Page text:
Bestseller Books A Town Like Alice published Nevil Shute s most beloved novel a tale of love and war follows its enterprising heroine from the Malayan jungle during World War II to the rugged Austra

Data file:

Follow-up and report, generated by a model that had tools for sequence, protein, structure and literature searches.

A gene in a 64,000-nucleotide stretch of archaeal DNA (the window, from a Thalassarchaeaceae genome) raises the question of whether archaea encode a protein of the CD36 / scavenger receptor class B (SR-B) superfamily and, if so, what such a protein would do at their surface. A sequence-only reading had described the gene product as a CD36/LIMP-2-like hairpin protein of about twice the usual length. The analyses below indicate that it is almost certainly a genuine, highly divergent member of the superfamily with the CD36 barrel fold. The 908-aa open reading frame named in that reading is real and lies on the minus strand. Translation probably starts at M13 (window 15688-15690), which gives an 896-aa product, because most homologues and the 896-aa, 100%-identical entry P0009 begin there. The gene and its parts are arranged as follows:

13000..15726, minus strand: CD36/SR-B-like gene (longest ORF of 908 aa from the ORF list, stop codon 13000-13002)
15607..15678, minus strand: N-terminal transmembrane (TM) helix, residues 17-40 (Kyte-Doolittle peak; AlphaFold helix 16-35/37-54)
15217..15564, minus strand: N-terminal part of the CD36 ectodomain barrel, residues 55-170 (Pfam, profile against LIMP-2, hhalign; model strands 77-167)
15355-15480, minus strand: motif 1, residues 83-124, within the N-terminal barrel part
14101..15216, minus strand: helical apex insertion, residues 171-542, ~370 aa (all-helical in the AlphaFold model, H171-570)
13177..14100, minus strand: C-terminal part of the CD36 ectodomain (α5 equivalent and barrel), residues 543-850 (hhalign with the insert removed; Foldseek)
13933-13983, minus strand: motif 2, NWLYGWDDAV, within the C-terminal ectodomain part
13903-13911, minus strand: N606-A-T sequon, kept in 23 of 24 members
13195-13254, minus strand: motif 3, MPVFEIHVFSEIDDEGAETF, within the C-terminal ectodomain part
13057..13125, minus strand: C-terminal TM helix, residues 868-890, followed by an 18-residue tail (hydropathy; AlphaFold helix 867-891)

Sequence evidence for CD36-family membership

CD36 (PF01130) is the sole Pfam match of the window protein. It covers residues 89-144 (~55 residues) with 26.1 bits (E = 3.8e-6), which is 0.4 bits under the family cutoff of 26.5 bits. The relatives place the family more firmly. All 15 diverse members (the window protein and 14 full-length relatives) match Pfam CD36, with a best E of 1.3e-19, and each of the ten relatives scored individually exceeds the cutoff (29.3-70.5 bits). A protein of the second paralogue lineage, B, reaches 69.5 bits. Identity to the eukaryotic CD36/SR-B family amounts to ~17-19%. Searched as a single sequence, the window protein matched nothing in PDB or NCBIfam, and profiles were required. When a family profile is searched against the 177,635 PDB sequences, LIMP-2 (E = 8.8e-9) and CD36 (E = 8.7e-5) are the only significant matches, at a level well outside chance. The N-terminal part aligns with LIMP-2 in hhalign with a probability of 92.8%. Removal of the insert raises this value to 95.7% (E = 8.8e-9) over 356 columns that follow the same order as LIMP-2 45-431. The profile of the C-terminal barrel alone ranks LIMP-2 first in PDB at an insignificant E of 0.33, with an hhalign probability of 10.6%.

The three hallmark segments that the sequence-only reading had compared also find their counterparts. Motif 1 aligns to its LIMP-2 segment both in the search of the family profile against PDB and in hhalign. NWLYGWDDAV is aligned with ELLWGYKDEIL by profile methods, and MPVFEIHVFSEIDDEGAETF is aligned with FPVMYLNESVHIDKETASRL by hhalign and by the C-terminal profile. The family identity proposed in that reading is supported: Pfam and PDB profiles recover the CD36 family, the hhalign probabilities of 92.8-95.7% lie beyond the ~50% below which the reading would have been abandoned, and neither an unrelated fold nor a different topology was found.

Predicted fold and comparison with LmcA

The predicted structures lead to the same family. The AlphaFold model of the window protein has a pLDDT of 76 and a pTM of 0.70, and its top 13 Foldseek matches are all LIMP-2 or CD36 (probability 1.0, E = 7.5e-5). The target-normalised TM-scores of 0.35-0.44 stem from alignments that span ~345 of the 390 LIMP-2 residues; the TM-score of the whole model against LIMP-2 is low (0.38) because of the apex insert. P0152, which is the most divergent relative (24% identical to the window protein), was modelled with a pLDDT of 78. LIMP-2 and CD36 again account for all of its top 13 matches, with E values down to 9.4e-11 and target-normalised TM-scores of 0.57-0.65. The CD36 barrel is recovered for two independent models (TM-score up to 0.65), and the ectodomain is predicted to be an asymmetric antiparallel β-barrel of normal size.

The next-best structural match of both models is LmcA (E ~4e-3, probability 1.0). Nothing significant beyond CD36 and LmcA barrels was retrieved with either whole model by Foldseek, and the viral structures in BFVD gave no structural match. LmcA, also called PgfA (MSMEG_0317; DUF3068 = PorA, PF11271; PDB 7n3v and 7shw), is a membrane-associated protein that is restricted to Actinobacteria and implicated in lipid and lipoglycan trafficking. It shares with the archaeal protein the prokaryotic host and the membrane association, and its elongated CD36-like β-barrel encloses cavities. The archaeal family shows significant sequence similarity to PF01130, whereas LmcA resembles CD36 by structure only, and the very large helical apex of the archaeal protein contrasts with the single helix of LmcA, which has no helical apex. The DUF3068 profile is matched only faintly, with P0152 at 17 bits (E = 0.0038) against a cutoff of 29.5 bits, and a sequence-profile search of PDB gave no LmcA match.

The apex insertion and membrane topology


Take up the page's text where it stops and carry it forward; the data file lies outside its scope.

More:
Bestseller Books A Town Like Alice published Nevil Shute s most beloved novel, a tale of love and war, follows its enterprising heroine from the Malayan jungle during World War II to the rugged Australian outback.Jean Paget, a young Englishwoman living in Malaya, is captured by the invading Japanese and forced on a brutal seven month death march with dozens of other women and children A few years after the war, JeanNevil Shute s most beloved novel, a tale of love and war, follows its enterprising heroine from the Malayan jungle during World War II to the rugged Australian outback.Jean Paget, a young Englishwoman living in Malaya, is captured by the invading Japanese and forced on a brutal seven month death march with dozens of other women and children A few years after the war, Jean is back in England, the nightmare behind her However, an unexpected inheritance inspires her to return to Malaya to give something back to the villagers who saved her life Jean s travels leads her to a desolate Australian outpost called Willstown, where she finds a challenge that will draw on all the resourcefulness and spirit that carried her through her war time ordeals.. A viral Book A Town Like Alice There are books we can't be entirely rational about. For good or bad, they push our personal buttons, and we adore or detest them beyond their own merits.A Town Like Alice is one of those books I love beyond reason. It contains courage, determination when the odds are against you, and taking action to change others' lives and the world around you for the better. It has some bittersweet moments, as well as a little bit of romance.Nevil Shute based this 1950 novel on a WWII story he had heard about Dutch women and children, who were Japanese prisoners of war, who were marched around Sumatra from place to place because the Japanese had no prison camp to put them in, many of them dying along the way. (As it turns out, he misunderstood the story: they didn't actually have to walk but were transported around the country.) He used this as the basis for this story of Jean Paget, a young Englishwoman who becomes the leader of a group of women and children who are forced to walk from town to town in Japanese-occupied Malaya (now Malaysia), in terrible circumstances. Along the way they meet a kind Australian POW, Joe Harman, a young man who helps them with food and other necessities and quickly becomes a friend to Jean. But Jean and Joe run into trouble when Joe steals some black Leghorn chickens for the underfed group. What happens then, and after, makes for a fascinating story.Malaysian villageAfter the war, Jean inherits some money, and becomes friends with Noel Strachan, the elderly English solicitor who is her trustee. Noel is the narrator for most of the novel, and sometimes his voice gets a little dry and tedious in relating tangential details, kind of befitting an aging lawyer (I can say that :D). At the same time, he has a certain old-fashioned charm and wry humor. Noel watches Jean fall in love with a distinct feeling of regret, since her new life will take her away from England, but he continues to help her as she begins to transform the Australian outback town where she has chosen to live. Queensland, AustraliaAs he decides to travel to visit Jean to help her with some legal matters, one of his law partners is concerned for his health:"I only wish you hadn't got to put so much of your energy into this. After all, it's a fairly trivial affair.""I can't agree with that," I said. "I'm beginning to think that this thing is the most important business that I ever handled in my life."I've read this book three or four times over the years. I noticed much more this time how Noel's narration sometimes gets repetitive and tedious (I wish I had a dollar for every time a character stared at someone or said "Oh my word"). I don't know if Nevil Shute deliberately wrote it that way or if that's just his style of writing. But then there's a wonderful scene or a lovely turn of phrase, and I fall in love with this book all over again.In the half light he turned as she came out of the hut, and he was back in the Malay scene of six years ago. She was barefooted, and her hair hung down in a long plait, as it had been in Malaya. She was no longer the strange English girl with money; she was Mrs. Boong again, the Mrs. Boong he had remembered all those years.It's old-fashioned in many ways, but it still moves and inspires me. And for that reason, despite its occasional weaknesses, it's staying at the full five stars.February 2015 reread/buddy read with Hana.__________________Previous review:This is one of my all-time favorite books. It consists of two quite different halves, with the first half relating the travails of Jean Paget and a group of English women in Malaya during WWII, and the second half about Jean's romance with an Australian man she had met briefly during her travels in Malaya and her efforts to turn his Australian town into a decent place for women and families to live. I may be in the minority of liking the second half better than the first, not just for the romance (which is nice but doesn't take up a lot of space in the book) but more for the way in which the main character takes action to change her town. It's inspiring and enjoyable reading, even if rather deliberately paced at times. Highly recommended.